How to Start a Software Development Career

Software development remains one of the most attractive and lucrative career paths available. It’s a stable, in-demand field with plenty of opportunities for future development. Depending on your skill level and experience, you can make a lot of money. And because software developers are needed for a wide range of tasks and projects, you’ll have the flexibility to grow your career as you see fit.

That said, getting started as a software developer can be challenging, even if you know some of the fundamentals. In this guide, we’ll cover the basics of how to get started as a software developer.

Decide on a General Path

First, you’ll want to decide on a general path. There are several ways to build a career in the software development world, including:

Climbing a ladder within a firm. Some firms, like Dev.co, specialize in software development. If you’re interested in a path with one of these companies, you can get hired in an entry-level position, then gradually climb your way to a leadership position. There are likely many potential roles to aspire to, so you’ll have plenty of flexibility as you develop.

Freelancing. You may also want to freelance for additional flexibility. You can take on as many or as few clients and projects as you’d like. Income instability can be a problem, but there’s also no limit to the amount of money you can make.

Starting your own projects. You may also want to make money through your projects, like creating your own website or mobile app.

Starting your own firm. And of course, you could always start a full software development firm of your own – especially when you’re more experienced.

Choose an Area of Specialty

Next, you’ll want to choose an area of specialty. For most software developers, this means choosing a primary language to focus on. There are many viable options here; for example, JavaScript remains one of the most popular and commonly used languages in the world due to its versatility. More than 70 percent of developers use JavaScript on a regular basis.

But you may also be interested in learning a language like Python or Ruby; both of these are approachable for newcomers and can be used for a variety of different applications.

Consider the ease of learning the language, the versatility of the language for different projects, your future prospects, and the expected salary. It’s also a good idea to talk to a developer who already specializes in this language to get a sense for their feelings on it.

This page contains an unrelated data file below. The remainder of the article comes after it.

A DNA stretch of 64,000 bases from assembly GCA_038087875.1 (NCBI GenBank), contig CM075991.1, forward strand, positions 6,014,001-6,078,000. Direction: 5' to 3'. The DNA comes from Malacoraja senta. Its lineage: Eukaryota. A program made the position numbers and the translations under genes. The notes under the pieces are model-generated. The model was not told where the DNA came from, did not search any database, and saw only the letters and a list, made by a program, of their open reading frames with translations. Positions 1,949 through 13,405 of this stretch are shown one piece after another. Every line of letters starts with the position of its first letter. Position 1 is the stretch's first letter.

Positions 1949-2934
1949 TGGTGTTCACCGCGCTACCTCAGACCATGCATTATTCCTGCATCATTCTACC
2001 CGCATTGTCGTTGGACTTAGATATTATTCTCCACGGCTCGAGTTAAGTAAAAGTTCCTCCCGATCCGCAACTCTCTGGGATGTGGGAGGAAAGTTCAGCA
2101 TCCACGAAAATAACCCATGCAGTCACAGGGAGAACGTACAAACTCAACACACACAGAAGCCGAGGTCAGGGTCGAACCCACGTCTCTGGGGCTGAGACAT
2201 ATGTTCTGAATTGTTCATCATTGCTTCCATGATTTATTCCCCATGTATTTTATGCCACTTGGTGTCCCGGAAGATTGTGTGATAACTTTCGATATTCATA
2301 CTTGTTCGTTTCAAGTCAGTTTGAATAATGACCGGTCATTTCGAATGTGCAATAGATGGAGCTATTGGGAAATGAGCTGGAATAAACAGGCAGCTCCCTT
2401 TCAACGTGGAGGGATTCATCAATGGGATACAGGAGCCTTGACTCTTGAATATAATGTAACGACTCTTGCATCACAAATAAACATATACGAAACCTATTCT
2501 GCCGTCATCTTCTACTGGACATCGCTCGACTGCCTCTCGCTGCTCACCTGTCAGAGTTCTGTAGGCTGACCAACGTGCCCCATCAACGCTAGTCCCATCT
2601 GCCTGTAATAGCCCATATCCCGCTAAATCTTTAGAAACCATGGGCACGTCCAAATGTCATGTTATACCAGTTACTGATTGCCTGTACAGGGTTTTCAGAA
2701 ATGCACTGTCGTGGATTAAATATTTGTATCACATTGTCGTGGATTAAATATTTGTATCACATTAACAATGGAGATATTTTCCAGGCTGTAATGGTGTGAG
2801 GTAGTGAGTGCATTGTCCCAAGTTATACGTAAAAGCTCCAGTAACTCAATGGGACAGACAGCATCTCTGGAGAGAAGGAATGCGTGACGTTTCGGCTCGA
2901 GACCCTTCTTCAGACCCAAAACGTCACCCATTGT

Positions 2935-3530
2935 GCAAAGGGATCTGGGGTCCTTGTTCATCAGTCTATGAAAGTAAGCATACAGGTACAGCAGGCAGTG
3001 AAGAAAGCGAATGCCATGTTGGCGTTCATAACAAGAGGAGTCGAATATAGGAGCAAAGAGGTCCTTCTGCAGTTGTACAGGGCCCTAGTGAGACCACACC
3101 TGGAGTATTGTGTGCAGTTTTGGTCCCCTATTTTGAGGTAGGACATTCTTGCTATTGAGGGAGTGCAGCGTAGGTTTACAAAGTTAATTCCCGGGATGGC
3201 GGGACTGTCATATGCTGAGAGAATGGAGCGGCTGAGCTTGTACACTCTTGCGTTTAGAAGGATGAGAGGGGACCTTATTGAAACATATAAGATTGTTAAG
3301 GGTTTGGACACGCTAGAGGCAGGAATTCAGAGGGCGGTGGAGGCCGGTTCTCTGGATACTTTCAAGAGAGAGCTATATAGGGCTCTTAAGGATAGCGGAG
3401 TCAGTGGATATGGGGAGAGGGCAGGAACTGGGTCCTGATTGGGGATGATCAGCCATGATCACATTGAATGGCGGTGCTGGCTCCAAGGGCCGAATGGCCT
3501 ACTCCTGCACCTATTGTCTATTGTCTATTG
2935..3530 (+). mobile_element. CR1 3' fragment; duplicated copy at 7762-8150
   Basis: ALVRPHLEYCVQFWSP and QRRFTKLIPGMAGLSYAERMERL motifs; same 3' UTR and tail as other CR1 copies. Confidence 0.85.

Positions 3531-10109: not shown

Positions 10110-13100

Get Your Education

After choosing an area of specialty, you’ll be ready to learn the basics. You can take a college-level course on software development or get private tutoring. But it may be more effective to learn online. These days, options like Codecademy make it easy to learn programming basics with step-by-step tutorials. It will take some time to master the fundamentals, but if you’re patient and persistent, it will pay off.

Practice

The importance of practice can’t be overstated. Before you can start making money with your programming skills, you’ll need to be familiar with using them in a live environment. Most of the time, that means developing small apps, working on bigger projects with a team of others, or solving problems. Only through experience will you become a competent developer.

Engage With the Community

Most programming languages have an active community of individuals looking to support each other. There, you can pick up on important tips and strategies, ask questions, and even collaborate on various projects. It’s a great opportunity to gain experience, troubleshoot your projects, and make new connections.

Pick Up Gigs

After a few weeks to a few months of experience, you’ll be ready to start picking up gigs. Work as a freelancer for a handful of small projects that put your skills to good use. It will be good experience, and you’ll make some good money at the same time.

Flesh Out Your Portfolio

While you’re working on gigs and developing some apps or projects of your own, pay attention to your budding portfolio. Your portfolio is a collection of work that shows off your expertise and past experience; it will be indispensable in helping you get hired or secure more clients, so it deserves to be a priority.

Take the Next Steps

At this point, your software development career will be well on its way. Your next steps will depend on your long-term goals. For example, you may want to try and get hired at a development firm, or you may be ready to try and start an agency of your own. No matter what, you’ll want to gradually gain more knowledge and experience and use your newfound wisdom to guide your career in new directions. 

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